When is something going to happen? Kids often put us on the spot and responses of “later” and “soon” are really abstract concepts of time.
Later, soon, wait…
Q: “When are we going swimming?”
Q: “When will dinner be ready?”
Q: “I want to leave now!”
A: “Just wait a minute.”
They are not concrete answers. “Later” could mean anything from in 5 minutes to 4 months and “soon” could be just a second away or in 15 minutes.
These answers can be confusing for a child with autism, particularly when what they are asking for is highly desirable. Responding with a “later” or “soon” rarely works as an effective strategy to support their understanding.
So how can we manage this when it is not well understood by individuals with autism? The answer, visuals.
It might involve teaching concrete time concepts such as the days of the week and months of the year, building calendar skills (weekly, monthly, yearly), analogue and digital time and anchoring this on key events in a day, using a schedule of visuals to show how time passes as we check off activities and events. But essentially, it comes down to using visuals. Drawing, writing or putting a visual or remnant of the requested event or activity on some kind of schedule or calendar can be incredibly helpful in support understanding and/or alleviating any of the stress an individual with autism might be experiencing if they are unsure about what is happening and when.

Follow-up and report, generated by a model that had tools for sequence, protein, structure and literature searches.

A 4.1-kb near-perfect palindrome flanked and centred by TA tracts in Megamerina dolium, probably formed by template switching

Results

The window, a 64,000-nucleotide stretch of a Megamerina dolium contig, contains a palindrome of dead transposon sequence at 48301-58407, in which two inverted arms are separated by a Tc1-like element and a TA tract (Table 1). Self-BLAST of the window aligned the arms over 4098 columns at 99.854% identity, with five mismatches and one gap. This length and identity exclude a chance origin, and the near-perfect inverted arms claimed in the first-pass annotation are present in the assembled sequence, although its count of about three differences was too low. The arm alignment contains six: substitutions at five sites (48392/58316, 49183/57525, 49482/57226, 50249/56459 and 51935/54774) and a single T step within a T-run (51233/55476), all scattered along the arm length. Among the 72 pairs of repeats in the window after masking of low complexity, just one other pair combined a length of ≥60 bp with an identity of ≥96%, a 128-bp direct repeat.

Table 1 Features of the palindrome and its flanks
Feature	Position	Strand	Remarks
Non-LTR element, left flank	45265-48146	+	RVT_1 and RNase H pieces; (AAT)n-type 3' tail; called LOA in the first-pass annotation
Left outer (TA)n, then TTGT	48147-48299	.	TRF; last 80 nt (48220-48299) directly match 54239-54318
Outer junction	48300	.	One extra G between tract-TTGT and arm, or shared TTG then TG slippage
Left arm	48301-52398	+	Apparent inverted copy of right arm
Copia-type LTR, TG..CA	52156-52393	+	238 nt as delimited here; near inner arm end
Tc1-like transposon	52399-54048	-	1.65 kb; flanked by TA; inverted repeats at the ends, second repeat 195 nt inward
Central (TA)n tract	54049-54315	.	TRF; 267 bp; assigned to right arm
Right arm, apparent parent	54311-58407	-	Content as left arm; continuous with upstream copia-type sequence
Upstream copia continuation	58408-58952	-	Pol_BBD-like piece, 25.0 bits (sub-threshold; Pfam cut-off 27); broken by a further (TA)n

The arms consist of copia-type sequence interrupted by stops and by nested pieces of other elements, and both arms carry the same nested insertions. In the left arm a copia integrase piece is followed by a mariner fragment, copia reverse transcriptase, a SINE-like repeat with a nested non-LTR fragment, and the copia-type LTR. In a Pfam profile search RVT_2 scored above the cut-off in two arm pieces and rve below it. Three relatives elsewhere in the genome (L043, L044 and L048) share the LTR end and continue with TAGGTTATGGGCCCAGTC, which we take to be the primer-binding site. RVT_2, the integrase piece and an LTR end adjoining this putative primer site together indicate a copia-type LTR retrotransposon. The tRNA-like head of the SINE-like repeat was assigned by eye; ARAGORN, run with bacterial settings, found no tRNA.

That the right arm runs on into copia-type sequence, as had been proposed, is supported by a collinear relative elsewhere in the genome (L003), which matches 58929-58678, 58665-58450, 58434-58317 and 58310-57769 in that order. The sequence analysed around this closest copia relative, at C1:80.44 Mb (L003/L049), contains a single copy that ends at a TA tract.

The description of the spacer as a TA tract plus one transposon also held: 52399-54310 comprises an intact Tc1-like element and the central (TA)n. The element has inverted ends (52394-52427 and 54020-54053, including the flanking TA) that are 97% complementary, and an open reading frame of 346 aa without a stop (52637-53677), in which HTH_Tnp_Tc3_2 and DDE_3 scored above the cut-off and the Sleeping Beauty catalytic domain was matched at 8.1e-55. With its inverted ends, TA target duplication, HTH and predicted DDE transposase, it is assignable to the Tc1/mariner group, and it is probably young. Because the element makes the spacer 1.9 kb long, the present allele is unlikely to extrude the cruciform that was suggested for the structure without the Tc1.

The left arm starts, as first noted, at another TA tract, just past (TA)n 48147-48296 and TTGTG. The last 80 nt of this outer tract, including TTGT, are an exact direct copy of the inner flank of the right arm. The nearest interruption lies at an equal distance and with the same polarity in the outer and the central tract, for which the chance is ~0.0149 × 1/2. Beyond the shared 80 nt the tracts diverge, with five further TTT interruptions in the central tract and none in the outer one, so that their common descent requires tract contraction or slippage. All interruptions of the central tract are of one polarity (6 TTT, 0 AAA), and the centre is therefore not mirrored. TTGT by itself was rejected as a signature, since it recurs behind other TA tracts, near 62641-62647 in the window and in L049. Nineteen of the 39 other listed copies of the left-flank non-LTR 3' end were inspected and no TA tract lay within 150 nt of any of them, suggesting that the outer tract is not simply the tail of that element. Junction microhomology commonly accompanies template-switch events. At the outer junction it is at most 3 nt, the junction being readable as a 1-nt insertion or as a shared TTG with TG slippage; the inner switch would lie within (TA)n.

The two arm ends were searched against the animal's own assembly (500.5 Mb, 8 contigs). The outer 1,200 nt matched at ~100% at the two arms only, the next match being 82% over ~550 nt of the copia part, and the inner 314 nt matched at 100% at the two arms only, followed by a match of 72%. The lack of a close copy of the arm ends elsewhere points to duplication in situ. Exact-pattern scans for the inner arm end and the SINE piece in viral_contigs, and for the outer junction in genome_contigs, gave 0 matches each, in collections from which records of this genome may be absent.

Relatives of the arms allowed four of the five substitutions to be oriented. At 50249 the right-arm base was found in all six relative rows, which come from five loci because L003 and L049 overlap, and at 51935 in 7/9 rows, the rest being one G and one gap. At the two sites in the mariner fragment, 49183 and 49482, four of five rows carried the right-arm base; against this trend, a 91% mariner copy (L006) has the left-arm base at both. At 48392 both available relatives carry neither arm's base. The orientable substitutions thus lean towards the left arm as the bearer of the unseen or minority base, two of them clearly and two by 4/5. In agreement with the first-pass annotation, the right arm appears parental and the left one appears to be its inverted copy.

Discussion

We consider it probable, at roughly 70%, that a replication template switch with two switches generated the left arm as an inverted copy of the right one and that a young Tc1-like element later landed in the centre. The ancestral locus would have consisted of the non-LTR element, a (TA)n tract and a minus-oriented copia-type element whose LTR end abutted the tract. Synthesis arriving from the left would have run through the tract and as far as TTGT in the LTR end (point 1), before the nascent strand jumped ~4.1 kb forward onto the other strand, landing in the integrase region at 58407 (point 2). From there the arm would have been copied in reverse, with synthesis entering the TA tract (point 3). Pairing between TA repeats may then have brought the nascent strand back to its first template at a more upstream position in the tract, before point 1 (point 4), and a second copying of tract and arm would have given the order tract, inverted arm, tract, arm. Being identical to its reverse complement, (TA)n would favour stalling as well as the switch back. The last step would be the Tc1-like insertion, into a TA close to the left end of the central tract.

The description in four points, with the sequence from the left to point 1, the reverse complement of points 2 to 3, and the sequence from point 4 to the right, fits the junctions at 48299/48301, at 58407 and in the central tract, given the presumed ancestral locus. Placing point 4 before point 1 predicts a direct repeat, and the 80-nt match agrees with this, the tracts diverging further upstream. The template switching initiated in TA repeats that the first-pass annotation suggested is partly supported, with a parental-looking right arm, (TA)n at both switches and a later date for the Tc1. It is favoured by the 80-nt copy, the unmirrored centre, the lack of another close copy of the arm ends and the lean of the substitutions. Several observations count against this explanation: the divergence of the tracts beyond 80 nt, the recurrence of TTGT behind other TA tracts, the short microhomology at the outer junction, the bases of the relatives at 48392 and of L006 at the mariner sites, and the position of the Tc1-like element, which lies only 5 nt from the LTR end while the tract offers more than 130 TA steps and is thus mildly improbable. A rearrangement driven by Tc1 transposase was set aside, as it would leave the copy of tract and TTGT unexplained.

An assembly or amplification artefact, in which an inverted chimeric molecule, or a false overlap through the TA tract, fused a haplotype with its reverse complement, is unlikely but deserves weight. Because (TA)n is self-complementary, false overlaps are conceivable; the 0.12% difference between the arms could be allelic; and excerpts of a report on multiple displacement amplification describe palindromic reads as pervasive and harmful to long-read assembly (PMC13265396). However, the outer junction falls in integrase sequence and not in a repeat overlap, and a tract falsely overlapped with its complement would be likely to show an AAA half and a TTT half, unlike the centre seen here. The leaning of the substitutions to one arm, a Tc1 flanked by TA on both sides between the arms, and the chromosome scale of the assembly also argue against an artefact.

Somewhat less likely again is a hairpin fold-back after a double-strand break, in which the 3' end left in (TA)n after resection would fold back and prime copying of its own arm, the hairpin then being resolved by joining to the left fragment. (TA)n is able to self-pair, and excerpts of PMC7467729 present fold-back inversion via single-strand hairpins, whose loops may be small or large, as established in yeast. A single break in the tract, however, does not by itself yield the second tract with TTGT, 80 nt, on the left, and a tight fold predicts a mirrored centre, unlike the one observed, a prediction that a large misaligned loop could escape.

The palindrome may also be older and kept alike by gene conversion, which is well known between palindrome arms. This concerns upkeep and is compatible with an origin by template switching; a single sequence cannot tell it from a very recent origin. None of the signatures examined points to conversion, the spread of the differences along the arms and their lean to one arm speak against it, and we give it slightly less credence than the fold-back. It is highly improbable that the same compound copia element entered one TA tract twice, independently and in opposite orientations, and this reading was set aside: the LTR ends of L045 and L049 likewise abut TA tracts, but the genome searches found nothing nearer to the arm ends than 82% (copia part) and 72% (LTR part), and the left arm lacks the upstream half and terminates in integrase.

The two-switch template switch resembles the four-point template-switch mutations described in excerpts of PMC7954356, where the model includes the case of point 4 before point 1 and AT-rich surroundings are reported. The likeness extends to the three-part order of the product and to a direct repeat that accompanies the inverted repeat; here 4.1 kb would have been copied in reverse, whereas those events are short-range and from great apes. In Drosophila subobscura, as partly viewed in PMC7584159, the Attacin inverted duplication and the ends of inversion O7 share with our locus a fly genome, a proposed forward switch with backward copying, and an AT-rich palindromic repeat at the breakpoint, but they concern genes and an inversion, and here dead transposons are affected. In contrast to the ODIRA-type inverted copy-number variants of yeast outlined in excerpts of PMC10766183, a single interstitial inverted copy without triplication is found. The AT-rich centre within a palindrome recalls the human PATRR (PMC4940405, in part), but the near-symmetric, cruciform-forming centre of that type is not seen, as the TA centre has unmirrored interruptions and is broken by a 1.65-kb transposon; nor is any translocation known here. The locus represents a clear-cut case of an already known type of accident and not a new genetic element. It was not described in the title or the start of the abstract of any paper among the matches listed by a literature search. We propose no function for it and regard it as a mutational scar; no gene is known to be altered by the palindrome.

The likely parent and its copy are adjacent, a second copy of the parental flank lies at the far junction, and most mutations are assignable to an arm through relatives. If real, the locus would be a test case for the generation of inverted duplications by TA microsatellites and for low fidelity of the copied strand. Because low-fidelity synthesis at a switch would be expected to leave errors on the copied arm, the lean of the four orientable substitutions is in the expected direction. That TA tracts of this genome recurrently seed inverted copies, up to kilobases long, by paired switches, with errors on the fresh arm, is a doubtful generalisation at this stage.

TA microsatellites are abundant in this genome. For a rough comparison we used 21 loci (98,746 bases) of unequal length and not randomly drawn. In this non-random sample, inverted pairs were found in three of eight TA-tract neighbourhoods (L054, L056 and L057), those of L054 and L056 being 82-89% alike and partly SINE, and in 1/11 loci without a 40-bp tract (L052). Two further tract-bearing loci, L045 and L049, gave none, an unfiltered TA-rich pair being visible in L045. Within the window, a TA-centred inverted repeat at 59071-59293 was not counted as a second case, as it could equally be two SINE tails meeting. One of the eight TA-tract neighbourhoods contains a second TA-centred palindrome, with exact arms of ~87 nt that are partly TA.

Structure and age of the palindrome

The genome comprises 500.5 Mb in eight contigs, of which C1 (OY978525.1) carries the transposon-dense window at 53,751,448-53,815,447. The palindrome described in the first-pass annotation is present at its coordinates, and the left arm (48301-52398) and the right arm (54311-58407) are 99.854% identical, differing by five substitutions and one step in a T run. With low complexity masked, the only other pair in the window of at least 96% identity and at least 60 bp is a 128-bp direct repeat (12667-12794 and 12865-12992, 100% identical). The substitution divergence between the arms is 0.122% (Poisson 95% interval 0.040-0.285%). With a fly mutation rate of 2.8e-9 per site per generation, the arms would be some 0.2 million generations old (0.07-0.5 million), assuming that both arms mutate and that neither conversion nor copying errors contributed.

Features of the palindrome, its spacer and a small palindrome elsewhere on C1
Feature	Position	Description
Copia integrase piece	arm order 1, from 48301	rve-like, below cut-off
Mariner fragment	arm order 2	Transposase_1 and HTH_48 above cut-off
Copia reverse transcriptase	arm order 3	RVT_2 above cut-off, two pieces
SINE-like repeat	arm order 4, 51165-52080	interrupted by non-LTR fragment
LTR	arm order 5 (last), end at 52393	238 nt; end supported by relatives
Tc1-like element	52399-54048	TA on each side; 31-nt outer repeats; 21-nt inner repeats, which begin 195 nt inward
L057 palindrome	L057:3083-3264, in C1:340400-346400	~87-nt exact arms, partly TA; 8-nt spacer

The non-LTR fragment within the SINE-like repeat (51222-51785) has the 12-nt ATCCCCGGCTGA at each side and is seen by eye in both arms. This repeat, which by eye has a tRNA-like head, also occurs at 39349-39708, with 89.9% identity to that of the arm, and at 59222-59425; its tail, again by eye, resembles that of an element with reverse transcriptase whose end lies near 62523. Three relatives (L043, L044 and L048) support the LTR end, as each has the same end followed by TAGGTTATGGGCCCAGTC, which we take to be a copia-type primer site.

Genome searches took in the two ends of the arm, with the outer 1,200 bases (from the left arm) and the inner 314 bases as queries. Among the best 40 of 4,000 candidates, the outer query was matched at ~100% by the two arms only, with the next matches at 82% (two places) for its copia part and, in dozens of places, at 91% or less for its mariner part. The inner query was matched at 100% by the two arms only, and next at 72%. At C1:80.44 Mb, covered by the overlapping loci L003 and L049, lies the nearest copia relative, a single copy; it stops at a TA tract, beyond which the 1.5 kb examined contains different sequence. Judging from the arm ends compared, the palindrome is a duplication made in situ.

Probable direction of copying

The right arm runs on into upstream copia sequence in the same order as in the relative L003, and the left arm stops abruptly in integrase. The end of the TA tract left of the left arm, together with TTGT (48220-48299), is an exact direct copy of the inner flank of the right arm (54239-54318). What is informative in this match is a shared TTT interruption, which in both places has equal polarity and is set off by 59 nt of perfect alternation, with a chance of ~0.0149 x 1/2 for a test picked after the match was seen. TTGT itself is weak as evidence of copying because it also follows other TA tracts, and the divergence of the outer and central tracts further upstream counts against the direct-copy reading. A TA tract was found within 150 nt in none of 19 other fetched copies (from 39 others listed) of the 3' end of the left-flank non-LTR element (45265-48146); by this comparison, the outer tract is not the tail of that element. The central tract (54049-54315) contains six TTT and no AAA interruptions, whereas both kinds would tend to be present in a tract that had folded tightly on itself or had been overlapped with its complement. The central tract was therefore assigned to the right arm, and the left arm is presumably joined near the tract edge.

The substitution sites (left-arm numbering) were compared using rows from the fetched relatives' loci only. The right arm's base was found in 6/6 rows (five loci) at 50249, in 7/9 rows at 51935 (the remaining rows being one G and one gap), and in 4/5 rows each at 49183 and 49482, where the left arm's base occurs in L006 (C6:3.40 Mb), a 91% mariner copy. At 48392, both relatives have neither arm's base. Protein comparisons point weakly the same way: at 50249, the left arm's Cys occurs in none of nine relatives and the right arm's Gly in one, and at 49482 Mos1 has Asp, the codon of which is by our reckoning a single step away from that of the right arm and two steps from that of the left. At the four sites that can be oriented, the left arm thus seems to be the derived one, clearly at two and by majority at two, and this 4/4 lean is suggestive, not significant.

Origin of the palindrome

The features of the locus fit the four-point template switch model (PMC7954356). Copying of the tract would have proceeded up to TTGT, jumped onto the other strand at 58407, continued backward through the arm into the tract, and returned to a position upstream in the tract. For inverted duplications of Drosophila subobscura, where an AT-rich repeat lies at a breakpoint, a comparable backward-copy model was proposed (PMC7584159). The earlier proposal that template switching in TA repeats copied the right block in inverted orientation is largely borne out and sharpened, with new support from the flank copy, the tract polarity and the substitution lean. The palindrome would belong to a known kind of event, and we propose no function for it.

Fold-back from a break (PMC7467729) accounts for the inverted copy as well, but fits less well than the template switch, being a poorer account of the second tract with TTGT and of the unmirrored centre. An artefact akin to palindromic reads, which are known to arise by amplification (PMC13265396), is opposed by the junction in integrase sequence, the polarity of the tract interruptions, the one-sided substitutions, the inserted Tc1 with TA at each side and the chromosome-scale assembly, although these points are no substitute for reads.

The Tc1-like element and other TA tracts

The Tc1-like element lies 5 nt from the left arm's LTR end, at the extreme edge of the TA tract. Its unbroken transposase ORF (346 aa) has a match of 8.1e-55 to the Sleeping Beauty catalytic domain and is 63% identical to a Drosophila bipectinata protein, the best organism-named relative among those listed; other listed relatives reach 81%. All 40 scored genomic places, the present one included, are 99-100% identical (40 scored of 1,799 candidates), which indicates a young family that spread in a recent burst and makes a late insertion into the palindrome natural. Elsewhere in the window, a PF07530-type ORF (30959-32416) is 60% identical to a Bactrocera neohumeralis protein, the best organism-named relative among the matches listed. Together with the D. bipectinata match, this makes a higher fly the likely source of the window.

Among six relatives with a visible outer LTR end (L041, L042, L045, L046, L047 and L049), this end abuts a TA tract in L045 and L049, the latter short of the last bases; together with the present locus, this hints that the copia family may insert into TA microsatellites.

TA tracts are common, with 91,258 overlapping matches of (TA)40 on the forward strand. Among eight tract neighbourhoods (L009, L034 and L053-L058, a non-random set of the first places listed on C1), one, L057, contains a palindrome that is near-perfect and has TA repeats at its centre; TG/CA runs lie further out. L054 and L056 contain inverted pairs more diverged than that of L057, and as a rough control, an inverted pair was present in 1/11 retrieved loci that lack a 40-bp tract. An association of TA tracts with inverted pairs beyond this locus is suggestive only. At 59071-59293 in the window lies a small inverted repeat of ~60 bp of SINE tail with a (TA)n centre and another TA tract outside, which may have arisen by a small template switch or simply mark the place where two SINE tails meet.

One of my students requests to go home intermittently throughout the day. Aside from delving more deeply into the communicative purpose for why he is doing this, placing a photo of his mum on his daily schedule at home time and acknowledging that number 8 is time for home enables us to better support his understanding that home time is happening later on, and a certain number of events needs to happen before that (for example we still have to do 3, 4, 5, 6 and 7). He accepts that this is the case and we are able to redirect him to the current activity easily.
If we didn’t acknowledge his request and provide him with information about when it would happen…. Cue one very distressed, confused and disengaged little boy.